Since the OP seems to be interested in research, let me comment that:

  1. Even if you did a pure math REU, it's very unlikely that the topic would be related to your future research.
  2. The main purpose of an REU is to figure out if you enjoy research, to get some experience doing research in a team setting, and to sharpen your learning, writing, and presentation skills. An REU in applied math is just as good as one in pure math for this purpose.
  3. The OP suggests the applied math REU would be an opportunity to learn about "dynamical systems, networks, stochastic modeling, operations research, and data analysis." That's an amazing opportunity! As an undergraduate, it's wise to explore broadly. You might find that you fall in love with one of these topics and prefer to do applied math or data science instead of pure math. If so, you'll probably have better job prospects. Even if you decide to stick to the pure math path, knowing a bit about these areas will make it a lot easier to find interesting applications for your work, to get people interested in your work (because you can connect it to some applied area), to write the "broader impacts" section of a grant, to give good talks, to teach (knowing a bit about those topics can make you a stronger applicant for a tenure track job), to advise students, etc. You might even find yourself supervising undergrad research someday related to this summer, especially because it's often easier to supervise research on applied topics than pure topics, because more students are able to do applied research, because less coursework is required to get to "research level."
  4. The OP suggests it's important to publish the results from the REU, but in my experience most REU projects don't lead to a publication anyway, whether in pure or applied math. And the type of research you can do as an undergrad in 8 weeks is not going to be stuff you're particularly proud of later on in life. From the point of grad school admissions, just having some research experience (whether an REU or with a professor during the semester) and the experience of actually writing up your results, matters much more than whether or not you got it published in some undergrad journal.

Related to the last point, I would expect that research in mathematical modeling is actually easier to publish than pure math research. That's certainly been my experience when I supervise students. The reason is that, with a pure math project, they spend comparatively more time learning the topic, because the frontier of research is further away compared to what they've learned in the undergraduate curriculum. Whereas, with an applied math project, they tend to get to the research question sooner, and more quickly produce results (e.g., interesting graphics that tell a story with the data, various statistical tests yielding p-values, etc.), kind of building up a portfolio of results they can wrap up in a paper later, rather than hitting their head against a wall and being unsure if they will ever successfully prove the pure math result I asked them to prove. Lastly, there are plenty of publication venues for applied math research, including SIAM, and it also seems easier for undergrads to publish in professional journals (where professor's publish, albeit lower ranked journals) compared to pure math.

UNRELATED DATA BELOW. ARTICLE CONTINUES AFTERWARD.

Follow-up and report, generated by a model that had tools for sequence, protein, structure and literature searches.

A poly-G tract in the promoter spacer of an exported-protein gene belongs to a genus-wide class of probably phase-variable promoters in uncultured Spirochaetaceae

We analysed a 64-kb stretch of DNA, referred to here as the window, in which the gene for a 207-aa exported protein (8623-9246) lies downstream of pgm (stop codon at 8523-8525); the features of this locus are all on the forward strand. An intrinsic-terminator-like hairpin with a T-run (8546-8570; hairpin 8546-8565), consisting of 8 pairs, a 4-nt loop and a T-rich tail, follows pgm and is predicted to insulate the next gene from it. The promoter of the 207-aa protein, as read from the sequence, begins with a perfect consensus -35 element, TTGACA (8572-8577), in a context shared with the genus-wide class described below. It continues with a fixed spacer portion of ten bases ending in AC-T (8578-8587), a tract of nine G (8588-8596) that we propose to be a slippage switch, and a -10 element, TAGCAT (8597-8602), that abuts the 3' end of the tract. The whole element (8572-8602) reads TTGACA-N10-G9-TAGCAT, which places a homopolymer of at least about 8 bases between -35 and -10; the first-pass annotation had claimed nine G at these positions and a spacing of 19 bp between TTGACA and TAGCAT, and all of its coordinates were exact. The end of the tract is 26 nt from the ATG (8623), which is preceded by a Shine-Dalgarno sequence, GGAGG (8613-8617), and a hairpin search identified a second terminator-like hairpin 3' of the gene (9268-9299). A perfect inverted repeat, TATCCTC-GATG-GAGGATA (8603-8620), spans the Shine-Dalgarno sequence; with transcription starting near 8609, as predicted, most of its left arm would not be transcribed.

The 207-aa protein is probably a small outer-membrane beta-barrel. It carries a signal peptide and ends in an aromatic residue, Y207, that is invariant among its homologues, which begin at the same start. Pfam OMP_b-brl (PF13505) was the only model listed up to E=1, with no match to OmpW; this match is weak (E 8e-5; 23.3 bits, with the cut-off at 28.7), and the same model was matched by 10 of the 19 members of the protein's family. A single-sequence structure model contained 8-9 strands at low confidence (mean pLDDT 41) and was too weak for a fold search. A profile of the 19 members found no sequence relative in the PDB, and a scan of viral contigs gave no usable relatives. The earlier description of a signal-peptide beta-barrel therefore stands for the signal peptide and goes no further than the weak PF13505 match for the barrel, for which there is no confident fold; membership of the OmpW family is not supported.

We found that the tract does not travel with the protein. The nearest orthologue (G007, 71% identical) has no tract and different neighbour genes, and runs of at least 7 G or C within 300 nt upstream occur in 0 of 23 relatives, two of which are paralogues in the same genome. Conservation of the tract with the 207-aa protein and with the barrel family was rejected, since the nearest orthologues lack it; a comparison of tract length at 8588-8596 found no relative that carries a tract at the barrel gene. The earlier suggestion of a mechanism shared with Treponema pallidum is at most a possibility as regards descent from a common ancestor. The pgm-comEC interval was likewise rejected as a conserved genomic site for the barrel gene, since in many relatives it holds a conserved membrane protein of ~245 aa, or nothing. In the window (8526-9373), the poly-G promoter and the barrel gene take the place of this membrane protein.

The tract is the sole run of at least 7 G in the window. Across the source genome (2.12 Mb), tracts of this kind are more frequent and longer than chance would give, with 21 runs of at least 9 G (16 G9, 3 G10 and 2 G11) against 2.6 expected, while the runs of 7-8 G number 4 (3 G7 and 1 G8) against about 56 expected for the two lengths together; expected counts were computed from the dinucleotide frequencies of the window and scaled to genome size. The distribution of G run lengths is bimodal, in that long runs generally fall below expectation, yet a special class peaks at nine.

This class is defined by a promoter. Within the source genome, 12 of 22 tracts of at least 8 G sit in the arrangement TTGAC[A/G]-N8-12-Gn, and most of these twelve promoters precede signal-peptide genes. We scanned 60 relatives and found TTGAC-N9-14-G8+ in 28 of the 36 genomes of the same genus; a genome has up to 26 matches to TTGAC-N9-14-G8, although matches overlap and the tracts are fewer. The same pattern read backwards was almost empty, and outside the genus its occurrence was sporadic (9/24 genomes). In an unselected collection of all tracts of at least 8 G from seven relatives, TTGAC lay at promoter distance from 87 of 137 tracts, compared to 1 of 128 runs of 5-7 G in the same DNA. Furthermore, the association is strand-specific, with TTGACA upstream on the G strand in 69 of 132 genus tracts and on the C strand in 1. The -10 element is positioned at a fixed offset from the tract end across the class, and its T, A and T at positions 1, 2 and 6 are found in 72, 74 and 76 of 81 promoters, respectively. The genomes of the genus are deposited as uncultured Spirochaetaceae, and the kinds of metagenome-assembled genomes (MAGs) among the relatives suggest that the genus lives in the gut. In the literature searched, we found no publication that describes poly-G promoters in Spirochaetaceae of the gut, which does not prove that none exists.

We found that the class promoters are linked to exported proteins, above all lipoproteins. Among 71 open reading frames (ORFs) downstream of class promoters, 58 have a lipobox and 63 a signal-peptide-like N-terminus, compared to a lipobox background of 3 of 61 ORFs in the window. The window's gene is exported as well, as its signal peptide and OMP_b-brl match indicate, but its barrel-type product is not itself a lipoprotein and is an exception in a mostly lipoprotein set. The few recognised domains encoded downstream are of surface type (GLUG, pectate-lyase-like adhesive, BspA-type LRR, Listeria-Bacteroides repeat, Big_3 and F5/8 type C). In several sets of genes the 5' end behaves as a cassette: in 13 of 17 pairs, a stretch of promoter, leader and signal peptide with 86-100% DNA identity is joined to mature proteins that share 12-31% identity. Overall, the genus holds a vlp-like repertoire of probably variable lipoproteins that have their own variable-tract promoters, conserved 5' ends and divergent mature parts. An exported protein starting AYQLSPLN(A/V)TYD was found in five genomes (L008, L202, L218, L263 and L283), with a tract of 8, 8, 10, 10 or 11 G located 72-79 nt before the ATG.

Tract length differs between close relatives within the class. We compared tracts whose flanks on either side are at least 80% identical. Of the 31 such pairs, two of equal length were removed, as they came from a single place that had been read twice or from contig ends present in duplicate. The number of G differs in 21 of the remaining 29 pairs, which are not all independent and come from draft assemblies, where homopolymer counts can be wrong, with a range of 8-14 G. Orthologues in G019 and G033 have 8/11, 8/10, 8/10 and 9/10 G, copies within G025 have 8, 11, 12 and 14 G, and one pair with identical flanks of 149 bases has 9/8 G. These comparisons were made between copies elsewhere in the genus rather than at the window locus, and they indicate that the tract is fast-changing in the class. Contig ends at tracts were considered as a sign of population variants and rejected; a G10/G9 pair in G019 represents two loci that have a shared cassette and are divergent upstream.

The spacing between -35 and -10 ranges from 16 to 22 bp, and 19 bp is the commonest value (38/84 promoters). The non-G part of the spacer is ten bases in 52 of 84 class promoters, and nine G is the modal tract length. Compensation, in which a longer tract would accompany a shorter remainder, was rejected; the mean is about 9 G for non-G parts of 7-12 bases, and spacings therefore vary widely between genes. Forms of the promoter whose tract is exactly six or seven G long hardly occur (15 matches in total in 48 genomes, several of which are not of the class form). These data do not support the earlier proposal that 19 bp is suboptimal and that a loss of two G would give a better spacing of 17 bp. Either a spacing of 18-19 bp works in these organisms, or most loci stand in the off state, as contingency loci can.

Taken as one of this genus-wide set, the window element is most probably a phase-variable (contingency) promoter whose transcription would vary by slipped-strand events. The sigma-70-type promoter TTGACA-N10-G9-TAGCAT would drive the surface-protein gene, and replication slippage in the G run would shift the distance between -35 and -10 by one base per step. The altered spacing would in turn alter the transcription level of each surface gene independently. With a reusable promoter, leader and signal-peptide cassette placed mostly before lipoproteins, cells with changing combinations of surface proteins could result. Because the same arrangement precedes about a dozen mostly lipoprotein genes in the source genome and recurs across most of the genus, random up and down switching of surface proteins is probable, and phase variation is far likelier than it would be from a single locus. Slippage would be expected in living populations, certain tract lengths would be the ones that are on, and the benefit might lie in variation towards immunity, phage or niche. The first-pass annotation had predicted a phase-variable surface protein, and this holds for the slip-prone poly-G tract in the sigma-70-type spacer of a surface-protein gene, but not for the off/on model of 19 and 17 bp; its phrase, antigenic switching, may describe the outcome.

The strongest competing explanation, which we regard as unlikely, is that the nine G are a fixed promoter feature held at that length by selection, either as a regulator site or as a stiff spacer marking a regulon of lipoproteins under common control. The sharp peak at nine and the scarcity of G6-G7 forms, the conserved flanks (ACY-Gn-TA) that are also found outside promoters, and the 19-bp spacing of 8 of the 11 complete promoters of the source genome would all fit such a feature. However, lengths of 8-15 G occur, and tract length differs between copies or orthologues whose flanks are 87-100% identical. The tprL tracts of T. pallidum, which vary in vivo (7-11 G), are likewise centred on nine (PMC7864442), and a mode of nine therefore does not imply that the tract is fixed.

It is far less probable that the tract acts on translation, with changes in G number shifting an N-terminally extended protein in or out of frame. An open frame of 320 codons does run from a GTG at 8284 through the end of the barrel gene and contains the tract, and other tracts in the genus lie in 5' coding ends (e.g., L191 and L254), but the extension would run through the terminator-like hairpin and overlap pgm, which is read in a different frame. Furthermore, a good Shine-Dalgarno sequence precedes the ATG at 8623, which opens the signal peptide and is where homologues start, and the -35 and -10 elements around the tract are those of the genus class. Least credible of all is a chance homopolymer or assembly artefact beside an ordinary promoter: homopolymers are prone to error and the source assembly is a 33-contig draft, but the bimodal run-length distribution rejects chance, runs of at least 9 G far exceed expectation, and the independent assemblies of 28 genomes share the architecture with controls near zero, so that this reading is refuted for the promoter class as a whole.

There are several other posts related to undergrad research:

These days it seems to be harder and harder to get accepted to an REU, so I encourage any undergrads reading this to apply to more than you think you need to, and to consider both pure and applied REUs. As I've tried to argue above: the fundamental skill set you get from an REU is highly transferrable and it won't matter a ton if the topic is pure or applied, as long as you go into the experience with an open mind. Plus, there are lots of benefits of exposure to applied math, even if you become a pure mathematician.

  • $\begingroup$ This: "even better if you can do one related to one of the standard PhD qualifying exam courses" is something I do not agree with. There need not be much overlap between a) research areas and b) skills needed to pass Ph.D. qualifying exams. $\endgroup$ Mar 13 at 0:22
  • $\begingroup$ I was referring to a reading course with a faculty member, where the goal is learning a subject not doing research $\endgroup$ Mar 13 at 1:25
  • $\begingroup$ I don't believe I've ever heard of a reading course in a subject typically covered in a grad-school qualifying exam. $\endgroup$ Mar 13 at 18:01
  • $\begingroup$ @DanielAsimov I'm willing to bet this is a liberal arts college vs R1 thing. We don't offer a course in measure theory or Galois theory, so it's a good idea for students to ask professors to do a reading course in those topics. I lead reading courses pretty much every year. But, I think in general reading courses for undergrads are way less common at R1 universities, because gung-ho undergrads can simply take grad courses. $\endgroup$ Mar 13 at 18:08